"Patient support group Patient Concern said doctors in Britain were among the best-paid in the world."
Daily Telegraph, 18 June 2012
"Thousands of strike doctors earn more than the PM (and hundreds are on more than £250,000)."
Daily Mail, 18 June 2012
This Thursday will see the NHS pensions dispute come to a head when doctors across the UK take part in industrial action - the first time they have done so in 40 years.
Amidst this morning's reports about doctors' salaries, the Patient Concern group supposedly claimed that doctors in Britain were among the best paid in the world.
So is this true?
Full Fact contacted the Patient Concern group to ask where their claim originated from. However, the organisation refused to give us any more details besides claiming that it had been taken from "various news reports" since 2004.
Certainly these reports exist. For example, the Daily Mail in December 2009 ran with the headline:
"Britain is failing on strokes, dentistry and hospital beds... while paying GPs more than any other developed country."
The figures mentioned in the article came from a report by the Organisation for Economic Cooperation and Development (OECD) which compared the renumeration of doctors around the world, broken down into general practitioners and specialists.
That report, using data sources from each of 21 different OECD countries, compared the 'net income' (i.e. after social contributions such as income tax had been deducted) of doctors relative to the average wage in each country as a whole.
On this measure, the UK did indeed top the list, with doctors paid 4.2 times the average wage based on 2007 figures.
However, more up-to-date figures are available when examining the OECD's latest release, which has data for 2008 in the UK:
It's worth bearing in mind straight away the difference between "self-employed" and "salaried" GPs as presented by the OECD. Self-employed GPS include 'contractor' GPs - those GPs that have entered into a contract with a Primary Care Organisation (PCO) to provide primary care services. 'Salaried GPs' meanwhile can be employed either by Contractor GPs or directly by the PCO.
In either case, the statistics available only include a sample of GPs - both self-employed and salaried - who have completed a self-assessment tax return.
As can be seen from the table, taking the "self-employed" category of GPs (on the right-hand side) does show the UK's general practitioners amongst the best paid in the OECD countries sampled - as a proportion of the average wage in their country.
However, the case is much less pronounced when we consider "salaried" GPs and specialists who, while still above average among the countries, don't stand out nearly as much.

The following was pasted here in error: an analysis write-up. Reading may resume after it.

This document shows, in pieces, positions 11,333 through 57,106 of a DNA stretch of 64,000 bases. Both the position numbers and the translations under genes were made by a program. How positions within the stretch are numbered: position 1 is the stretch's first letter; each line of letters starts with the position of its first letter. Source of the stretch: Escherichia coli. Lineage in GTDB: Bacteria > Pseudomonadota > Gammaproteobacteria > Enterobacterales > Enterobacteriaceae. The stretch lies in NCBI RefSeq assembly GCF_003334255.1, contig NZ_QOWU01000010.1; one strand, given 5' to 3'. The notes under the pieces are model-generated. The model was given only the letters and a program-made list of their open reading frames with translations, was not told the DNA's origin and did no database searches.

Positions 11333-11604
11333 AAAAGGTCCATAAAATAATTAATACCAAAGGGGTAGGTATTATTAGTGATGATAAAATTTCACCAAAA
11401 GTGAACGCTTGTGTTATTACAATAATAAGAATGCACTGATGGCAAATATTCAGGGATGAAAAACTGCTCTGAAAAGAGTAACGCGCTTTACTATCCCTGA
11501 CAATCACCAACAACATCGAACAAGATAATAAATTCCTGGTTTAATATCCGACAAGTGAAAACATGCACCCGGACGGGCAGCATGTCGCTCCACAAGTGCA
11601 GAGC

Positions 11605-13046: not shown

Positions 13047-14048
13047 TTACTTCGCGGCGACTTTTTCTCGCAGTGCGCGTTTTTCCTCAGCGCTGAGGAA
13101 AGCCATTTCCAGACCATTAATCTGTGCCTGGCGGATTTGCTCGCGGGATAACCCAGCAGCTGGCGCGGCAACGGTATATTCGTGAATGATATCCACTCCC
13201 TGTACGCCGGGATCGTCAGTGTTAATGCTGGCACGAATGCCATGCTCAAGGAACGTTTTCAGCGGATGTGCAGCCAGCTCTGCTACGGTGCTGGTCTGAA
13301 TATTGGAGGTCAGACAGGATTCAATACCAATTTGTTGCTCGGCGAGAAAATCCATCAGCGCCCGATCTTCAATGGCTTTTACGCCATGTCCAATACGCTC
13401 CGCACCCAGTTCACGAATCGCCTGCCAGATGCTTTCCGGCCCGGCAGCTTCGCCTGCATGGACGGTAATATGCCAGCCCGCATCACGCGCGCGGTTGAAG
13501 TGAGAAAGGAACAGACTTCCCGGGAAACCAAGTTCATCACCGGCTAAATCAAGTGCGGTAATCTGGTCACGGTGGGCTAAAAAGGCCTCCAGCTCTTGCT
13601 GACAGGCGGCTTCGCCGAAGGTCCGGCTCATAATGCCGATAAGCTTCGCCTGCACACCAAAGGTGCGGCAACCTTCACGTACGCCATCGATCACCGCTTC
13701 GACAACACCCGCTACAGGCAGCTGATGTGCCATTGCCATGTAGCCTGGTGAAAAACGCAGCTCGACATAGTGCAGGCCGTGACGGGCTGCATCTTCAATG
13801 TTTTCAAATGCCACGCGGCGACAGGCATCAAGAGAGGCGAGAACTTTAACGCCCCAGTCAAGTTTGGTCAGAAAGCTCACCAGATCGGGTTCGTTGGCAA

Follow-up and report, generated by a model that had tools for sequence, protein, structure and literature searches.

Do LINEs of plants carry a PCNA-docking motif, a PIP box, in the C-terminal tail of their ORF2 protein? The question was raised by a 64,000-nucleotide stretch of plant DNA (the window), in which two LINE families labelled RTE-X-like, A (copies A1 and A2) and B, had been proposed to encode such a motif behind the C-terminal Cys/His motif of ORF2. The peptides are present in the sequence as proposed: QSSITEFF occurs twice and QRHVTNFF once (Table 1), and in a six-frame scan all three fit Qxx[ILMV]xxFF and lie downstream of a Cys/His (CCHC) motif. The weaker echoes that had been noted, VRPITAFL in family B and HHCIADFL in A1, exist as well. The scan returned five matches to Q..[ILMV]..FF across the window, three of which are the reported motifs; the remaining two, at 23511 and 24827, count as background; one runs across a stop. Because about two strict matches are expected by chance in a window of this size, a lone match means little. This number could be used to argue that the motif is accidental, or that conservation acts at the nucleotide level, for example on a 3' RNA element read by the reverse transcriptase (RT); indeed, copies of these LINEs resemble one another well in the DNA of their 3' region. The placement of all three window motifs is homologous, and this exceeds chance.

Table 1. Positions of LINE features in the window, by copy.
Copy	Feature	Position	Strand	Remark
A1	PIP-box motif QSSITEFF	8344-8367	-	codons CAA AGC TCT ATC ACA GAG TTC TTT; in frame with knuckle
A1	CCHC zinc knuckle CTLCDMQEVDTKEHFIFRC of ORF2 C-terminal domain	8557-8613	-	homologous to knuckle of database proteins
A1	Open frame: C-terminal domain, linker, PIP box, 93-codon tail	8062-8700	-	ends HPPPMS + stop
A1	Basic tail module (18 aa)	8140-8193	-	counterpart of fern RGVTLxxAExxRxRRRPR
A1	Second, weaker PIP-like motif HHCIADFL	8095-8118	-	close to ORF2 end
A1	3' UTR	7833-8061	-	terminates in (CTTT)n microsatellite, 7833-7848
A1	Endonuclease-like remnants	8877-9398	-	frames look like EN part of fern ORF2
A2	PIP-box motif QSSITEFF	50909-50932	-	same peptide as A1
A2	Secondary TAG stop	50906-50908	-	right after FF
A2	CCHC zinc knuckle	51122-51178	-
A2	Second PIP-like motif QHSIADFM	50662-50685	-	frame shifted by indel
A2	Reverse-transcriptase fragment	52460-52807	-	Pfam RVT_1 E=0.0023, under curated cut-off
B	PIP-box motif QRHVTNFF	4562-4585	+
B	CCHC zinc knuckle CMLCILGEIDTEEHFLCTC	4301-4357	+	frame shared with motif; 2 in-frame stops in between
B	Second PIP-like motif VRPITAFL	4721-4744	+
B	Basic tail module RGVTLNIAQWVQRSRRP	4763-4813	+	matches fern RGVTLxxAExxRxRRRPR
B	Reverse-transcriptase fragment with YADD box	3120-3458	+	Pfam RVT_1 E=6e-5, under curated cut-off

So can we trust the data?
The OECD are transparent about the caveats to the data they provide.
For instance, measuring 'renumeration' [income after taxes, etc] can result in underestimating the initial gross incomes. Furthermore, any 'practice expenses' incurred by contractor GPs (such as employing a salaried GP) are included, and can also affect the results.
It's also important to consider that, as mentioned above, the data for UK doctors is only based on self-assessment tax returns rather than palroll salaries for Primary Care Organisations. This could give a skewed picture as the renumeration of Salaried GPs tends to be less than that of Contractor GPs, so the actual pay for UK doctors as a whole could be somewhat less than four times the average wage.
Even more up-to-date figures are also now available following the publication of GP Earnings and Expenses 2009/10 from the NHS Information Centre. These show that average annual earnings for GPs are now £105,700, up from £105,300 in 2008/09 - which the OECD's last release was based on.
So GP's earnings still remain around four times the median income of £25,882 in 2010 for a full-time worker, which is fairly consistent with the data from the OECD. Whether the case has changed for the other countries in the same time however is something we do not yet know.
The evidence, although imprefect, does suggest that some UK doctors are among the best paid within developed countries as a proportion of the average wage in each country.
However whether or not we can necessarily apply this to most Salaried GPs, who tend to earn less than self-assessed Contractor GPs, is another matter. There is certainly evidence that the Salaried GPs that do show up in the statistics, having completed self-assessment tax returns, are more modestly paid compared to their peers in the developed world.
The debate over whether doctors' pensions are fair is of course separate and rages on.
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